There is currently considerable community concern regarding the possibility that mobile telecommunication technology, such as mobile phones and base stations, may cause health problems. While science has so far been unable to identify any such health effects, it has also been unable to unequivocally demonstrate that there are no heath effects. As a result, precautionary measures have been proposed to reduce the potential for such risks. However, the consequences of such precautionary measures are yet to be determined, with some research in Western European countries indicating that precautionary measures may in fact increase the degree to which people feel threatened by mobile telecommunications technology.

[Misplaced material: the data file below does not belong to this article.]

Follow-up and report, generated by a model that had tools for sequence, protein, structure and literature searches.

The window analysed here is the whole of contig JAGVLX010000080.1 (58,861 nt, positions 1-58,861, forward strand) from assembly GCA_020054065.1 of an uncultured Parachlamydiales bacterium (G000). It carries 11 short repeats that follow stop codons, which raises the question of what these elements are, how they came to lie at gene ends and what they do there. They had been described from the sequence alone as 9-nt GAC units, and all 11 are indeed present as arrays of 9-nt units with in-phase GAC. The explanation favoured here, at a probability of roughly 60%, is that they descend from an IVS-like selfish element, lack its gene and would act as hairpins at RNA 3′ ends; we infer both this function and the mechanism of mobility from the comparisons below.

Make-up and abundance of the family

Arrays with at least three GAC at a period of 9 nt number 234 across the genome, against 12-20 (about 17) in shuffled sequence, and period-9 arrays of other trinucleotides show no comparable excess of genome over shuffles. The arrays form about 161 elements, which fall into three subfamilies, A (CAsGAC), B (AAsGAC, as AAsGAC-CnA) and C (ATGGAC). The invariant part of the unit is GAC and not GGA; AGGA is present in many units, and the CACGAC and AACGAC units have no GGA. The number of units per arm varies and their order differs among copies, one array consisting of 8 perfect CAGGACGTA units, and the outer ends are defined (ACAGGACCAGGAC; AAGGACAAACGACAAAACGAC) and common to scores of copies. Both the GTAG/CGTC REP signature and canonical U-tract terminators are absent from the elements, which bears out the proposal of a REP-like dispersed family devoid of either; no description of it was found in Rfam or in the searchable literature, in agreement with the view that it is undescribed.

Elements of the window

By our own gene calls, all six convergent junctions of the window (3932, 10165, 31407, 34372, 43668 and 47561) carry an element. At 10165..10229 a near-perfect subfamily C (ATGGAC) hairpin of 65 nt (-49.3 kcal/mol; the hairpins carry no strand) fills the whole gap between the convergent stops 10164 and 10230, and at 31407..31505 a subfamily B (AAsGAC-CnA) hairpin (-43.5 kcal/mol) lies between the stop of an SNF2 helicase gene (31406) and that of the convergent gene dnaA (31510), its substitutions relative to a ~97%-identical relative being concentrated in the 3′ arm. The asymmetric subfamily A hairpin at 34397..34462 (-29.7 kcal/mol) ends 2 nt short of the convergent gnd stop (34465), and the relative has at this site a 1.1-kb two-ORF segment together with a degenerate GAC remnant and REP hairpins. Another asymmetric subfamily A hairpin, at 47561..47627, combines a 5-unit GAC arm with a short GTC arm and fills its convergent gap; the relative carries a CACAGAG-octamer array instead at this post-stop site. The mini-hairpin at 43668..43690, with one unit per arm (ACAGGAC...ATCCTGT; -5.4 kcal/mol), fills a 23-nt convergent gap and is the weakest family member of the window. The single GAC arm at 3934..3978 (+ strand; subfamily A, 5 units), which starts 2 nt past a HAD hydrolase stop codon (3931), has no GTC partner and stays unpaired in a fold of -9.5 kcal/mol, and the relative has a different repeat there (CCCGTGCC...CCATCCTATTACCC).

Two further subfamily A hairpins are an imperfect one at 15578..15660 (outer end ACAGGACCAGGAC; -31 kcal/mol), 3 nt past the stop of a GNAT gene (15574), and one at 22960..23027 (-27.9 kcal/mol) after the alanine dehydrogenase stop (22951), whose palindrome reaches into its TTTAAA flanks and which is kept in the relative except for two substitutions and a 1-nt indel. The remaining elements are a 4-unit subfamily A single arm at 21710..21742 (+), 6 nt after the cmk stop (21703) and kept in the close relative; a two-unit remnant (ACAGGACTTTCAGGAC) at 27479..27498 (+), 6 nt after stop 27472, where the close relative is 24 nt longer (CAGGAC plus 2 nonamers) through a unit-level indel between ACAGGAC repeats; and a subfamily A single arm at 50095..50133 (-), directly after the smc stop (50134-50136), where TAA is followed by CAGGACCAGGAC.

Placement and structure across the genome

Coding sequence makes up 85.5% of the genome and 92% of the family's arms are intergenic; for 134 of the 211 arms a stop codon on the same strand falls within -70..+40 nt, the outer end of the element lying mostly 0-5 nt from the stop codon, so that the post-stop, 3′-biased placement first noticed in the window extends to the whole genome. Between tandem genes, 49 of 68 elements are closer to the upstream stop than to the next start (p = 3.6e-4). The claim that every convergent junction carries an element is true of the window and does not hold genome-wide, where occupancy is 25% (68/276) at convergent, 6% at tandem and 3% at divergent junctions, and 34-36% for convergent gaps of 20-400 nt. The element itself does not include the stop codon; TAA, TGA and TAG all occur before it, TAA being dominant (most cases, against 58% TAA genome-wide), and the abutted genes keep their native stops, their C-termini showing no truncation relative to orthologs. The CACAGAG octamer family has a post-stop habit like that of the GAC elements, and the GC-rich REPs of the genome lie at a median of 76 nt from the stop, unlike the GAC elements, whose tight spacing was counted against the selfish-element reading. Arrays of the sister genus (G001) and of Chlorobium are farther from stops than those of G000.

To determine whether this effect holds true within an Australian sample (N=400), a 5 x 2 x 2 between-subjects experimental design was employed within Australian university populations, where the independent variables were (1) type of precautionary measure, (2) technology (cell phones, base stations), (3) order of presentation of cell phone vs. base station related items. Respondents rated their perceived risks, trust in risk management, and benefit perceptions, and in addition reported their cell phone usage patterns. Data are currently being analysed and will be presented.